Author, journalist, and Pulitzer Prize winner Isabel Wilkerson brought her moral clarity and willingness to speak hard truths to the opening plenary session of the 2023 Annual Conference of the Council for Opportunity in Education. Wilkerson wrote The New York Times bestselling book, “The Warmth of Other Suns: The Epic Story of America’s Great Migration,” which was published in 2010. Her 2020 book, “Caste: The Origins of Our Discontent,” won the National Book Critics Circle Award for nonfiction. Both texts were the subject of her keynote speech.
Wilkerson opened her remarks by discussing recent extraordinary events, such as one county in Texas banning her book “Caste,” last year’s overturning of Roe v. Wade, and the work of insurrectionists as they dared to break into the “citadel of democracy itself,” the U.S. Capitol.
Wilkerson said she often hears people say, “This is not my country,” or “This is not what America stands for.” However, she counters this notion, stating, “If we knew our country’s true history, we would know that our country is like a patient with a preexisting condition. Like heart disease. And if a patient with heart disease had a heart attack, you might be alarmed… but you would not be surprised.”
“My mission,” she said, “has been to use the power of language and narrative to change the way we see ourselves and our country.” She said she spent 15 years writing her book “The Warmth of Other Suns,” documenting stories about the 20th-century migration of 6 million Black Americans away from the Jim Crow South.
“Migration isn’t about migration,” Wilkerson explained. “It isn’t even about geography. It is about freedom and how far people are willing to go to achieve it. The Great Migration was the only time in American history that American citizens had to flee the land of their birth just to be recognized as citizens of the country to which they had been born… The Great Migration was, in effect, a defection. They were defecting from a caste system.”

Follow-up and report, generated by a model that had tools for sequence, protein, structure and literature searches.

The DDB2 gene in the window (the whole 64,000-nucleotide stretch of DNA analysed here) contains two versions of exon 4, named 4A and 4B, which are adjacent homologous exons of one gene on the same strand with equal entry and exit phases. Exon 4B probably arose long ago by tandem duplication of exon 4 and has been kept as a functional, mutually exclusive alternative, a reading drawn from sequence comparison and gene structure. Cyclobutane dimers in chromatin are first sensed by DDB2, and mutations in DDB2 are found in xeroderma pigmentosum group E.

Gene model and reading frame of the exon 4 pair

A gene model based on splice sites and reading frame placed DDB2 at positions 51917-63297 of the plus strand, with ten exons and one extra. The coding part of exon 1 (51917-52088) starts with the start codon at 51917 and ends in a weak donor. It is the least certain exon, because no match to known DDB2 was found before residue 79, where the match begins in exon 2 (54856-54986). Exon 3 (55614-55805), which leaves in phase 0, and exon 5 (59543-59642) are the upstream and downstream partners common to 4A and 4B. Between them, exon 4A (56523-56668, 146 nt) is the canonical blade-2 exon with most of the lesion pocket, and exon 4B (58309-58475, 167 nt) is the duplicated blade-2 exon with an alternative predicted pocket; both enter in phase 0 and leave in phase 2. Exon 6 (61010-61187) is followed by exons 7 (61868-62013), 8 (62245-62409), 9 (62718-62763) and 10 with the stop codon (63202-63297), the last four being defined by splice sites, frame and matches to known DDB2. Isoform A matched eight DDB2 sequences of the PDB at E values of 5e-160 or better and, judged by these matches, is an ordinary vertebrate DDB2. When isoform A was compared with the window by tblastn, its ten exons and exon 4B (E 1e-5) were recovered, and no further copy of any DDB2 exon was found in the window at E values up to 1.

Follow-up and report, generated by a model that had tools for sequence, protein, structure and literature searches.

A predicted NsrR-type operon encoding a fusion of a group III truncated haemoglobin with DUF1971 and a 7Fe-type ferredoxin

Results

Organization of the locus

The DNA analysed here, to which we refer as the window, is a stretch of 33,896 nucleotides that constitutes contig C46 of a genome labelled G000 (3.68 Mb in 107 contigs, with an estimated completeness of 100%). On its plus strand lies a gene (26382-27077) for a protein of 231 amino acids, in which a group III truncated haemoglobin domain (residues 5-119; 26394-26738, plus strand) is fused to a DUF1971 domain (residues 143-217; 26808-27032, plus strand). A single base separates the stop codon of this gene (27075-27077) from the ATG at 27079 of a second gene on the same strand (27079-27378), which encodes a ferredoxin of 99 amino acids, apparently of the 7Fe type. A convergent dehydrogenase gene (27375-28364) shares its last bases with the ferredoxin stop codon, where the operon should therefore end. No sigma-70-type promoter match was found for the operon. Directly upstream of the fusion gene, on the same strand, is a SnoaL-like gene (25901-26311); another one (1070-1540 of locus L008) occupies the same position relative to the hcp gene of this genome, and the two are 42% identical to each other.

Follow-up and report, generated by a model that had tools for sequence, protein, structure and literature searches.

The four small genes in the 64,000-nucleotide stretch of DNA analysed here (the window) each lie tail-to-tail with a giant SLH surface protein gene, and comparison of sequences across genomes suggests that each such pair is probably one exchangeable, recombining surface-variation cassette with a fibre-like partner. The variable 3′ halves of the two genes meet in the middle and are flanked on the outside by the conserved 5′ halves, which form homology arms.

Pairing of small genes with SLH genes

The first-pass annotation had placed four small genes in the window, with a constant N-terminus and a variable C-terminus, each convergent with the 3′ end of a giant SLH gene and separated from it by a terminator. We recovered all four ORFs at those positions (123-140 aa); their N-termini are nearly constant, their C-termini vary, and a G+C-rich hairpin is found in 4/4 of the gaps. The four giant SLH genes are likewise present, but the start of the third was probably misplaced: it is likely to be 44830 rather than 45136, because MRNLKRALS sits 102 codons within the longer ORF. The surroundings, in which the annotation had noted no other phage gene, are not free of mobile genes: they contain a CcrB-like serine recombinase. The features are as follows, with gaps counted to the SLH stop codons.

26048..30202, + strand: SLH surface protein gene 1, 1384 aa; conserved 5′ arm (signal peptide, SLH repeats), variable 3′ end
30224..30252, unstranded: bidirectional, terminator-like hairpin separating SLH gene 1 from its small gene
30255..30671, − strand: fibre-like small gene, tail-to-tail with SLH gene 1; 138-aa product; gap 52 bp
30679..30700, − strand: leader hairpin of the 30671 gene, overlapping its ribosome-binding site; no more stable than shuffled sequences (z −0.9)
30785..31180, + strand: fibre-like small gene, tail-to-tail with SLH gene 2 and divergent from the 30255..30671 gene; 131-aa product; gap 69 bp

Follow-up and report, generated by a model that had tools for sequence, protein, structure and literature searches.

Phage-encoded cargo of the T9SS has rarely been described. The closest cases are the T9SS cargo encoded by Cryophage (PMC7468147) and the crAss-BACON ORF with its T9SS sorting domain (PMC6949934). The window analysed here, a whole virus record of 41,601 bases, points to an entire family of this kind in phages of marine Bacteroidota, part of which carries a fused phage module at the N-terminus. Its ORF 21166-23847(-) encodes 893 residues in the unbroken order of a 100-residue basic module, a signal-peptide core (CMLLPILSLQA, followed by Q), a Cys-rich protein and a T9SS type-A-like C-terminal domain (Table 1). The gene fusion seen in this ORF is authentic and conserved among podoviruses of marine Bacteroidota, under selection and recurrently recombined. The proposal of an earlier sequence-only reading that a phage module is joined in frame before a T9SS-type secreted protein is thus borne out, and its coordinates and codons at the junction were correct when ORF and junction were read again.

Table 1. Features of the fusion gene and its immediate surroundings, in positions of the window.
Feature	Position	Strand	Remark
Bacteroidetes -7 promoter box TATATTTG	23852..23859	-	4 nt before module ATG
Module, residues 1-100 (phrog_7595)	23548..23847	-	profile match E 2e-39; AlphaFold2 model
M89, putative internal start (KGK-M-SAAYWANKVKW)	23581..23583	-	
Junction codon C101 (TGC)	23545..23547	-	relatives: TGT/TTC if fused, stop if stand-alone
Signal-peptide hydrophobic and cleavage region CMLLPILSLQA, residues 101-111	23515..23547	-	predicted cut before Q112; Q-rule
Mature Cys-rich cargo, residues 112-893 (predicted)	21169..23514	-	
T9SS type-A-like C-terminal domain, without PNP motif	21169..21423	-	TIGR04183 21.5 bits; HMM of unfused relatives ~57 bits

Offering examples of why one would defect, Wilkerson shared just a few of the segregation laws that separated races in the American South.“You could go to jail if you played checkers with someone of a different race,” she said. The caste system in the Jim Crow South was so extreme, she stated, that there was a Black bible in each courtroom and an altogether separate White bible to swear to tell the truth in court. “That means that the very word of God was segregated in the Jim Crow South,” Wilkerson said.
Our caste system was very similar to what happened in India to the Untouchables or Dalits, the lowest caste, Wilkerson said. In India, and America, there had to be a division of those at the top and those at the bottom to forbid interaction. This is the foundation of many of our country’s challenges and divisions, she added.
“Caste is with us whether we recognize it or not; caste is working in our society whether we name it or not, so we might as well understand the infrastructure of what we have inherited as a people,” Wilkerson said.
“If you think of our country as an old house, whatever you are ignoring will never go away. Ignorance is no protection from the consequences of an action. It will be there waiting for you until you finally gather the courage to face it,” she said to thunderous applause.
In response to those who say they had nothing to do with the enslavement of Africans or the genocide of Native Americans, Wilkerson reminded the audience that “not one of us was here when this house was built…. “But here we are, the owners of a property with stress cracks and bowed walls. We are the heirs to whatever is wrong. We did not install the frayed wiring and corroded pipes. They are ours to deal with now. But any further deterioration – any further deterioration – is on us,” she emphasized.
Wilkerson concluded by saying, “This is a very old house that we have inherited. It is not the responsibility of those who have been targeted by this caste system to solve it. We are in this old house together, and it is time we started to act like it.”